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RealTime IT News

Now Playing at Microsoft: Intel And AMD

Intel  is no longer the sole star of Microsoft Virtual Server 2005 show.

Microsoft Corp.  today trotted out the second beta of Windows Server Virtual Server 2005 service pack 1 (SP1), a version that supports virtualization features on AMD and Intel processors.

Beta one of the product supported Intel virtualization from the get-go; R2 SP1 debuts support for AMD, a clear indication that customers don't want to virtualize solely on Intel-based machines.

Microsoft is not a company to shy away from giving customers more platform choices when it can't hurt it's bottom line.

The software giant today said making Virtual Server 2005 work with virtualization technologies from both chipmakers' processors will boost interoperability for customers' various systems and improve performance for non-Windows operating systems.

Moreover, the move will yield "strengthened isolation to prevent corruption of one virtual machine from affecting others on the same system," Microsoft said in a statement.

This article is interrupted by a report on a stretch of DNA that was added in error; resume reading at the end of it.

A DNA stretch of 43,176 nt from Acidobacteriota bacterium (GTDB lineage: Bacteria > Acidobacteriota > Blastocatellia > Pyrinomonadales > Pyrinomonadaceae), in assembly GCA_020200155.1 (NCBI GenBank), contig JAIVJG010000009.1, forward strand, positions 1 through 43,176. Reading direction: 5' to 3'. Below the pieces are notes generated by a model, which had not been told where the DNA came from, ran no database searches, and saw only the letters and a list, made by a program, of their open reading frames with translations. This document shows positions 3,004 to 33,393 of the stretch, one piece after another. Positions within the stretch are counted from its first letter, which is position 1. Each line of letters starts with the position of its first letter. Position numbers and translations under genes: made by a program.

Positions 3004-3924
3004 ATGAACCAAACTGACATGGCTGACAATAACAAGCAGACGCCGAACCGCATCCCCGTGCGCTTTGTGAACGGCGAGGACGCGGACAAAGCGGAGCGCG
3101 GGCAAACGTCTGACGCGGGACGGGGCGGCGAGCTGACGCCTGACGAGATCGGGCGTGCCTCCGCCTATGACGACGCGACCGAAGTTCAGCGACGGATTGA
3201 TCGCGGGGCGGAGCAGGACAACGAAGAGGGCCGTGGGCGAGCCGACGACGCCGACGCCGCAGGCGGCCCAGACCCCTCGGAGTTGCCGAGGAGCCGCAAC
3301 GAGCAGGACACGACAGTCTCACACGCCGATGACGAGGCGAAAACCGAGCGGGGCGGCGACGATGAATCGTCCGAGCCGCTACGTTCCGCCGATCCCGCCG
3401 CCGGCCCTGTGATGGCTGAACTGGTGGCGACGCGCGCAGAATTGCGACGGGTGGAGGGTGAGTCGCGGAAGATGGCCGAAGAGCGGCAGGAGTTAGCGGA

This is an important, albeit expected, change to Microsoft's mix.

Microsoft's Windows OS and Intel's chips have been so often paired on PCs and servers over the last decade that the industry began calling machines with those products "Wintel" boxes.

However, Microsoft has been getting cozier with AMD, pledging support for AMD's Opteron processors as far back as 2003, a relationship that has blossomed and deepened in the last two years.

Virtualization advancements from AMD have no doubt spurred collaboration and interoperability between the companies; earlier this year, AMD began offering royalty-free virtualization licenses to hardware and software developers.

This month, AMD launched Rev F, the latest version of its Opteron processor for servers and workstations, with souped up virtualization perks.

With Intel and AMD support under its belt and a lower entry cost for Virtual Server 2005 R2 SP1, Microsoft hopes to continue its assault on virtualization market leader VMware.

R2 SP1 brings other new perks to the table, boasting better backup services and manageability through offline manipulation.

Specifically, the refreshed software supports Volume Shadow Service for backup and disaster recovery.

With VSS, customers will now be able to take snapshot backup images of physical machines that will in turn take snapshots of all the virtual machines on that physical host, rather than scheduling downtime for backing up each virtual machine.

R2 SP1 also features offline virtual hard disk (VHD) mounting, which enables customers to easily deploy scripts and perform virus scans across VHDs without having to start each virtual machine.

Virtual Server 2005 R2 SP1 will be generally available in the first quarter of 2007, with support for Microsoft's forthcoming Windows Vista operating system.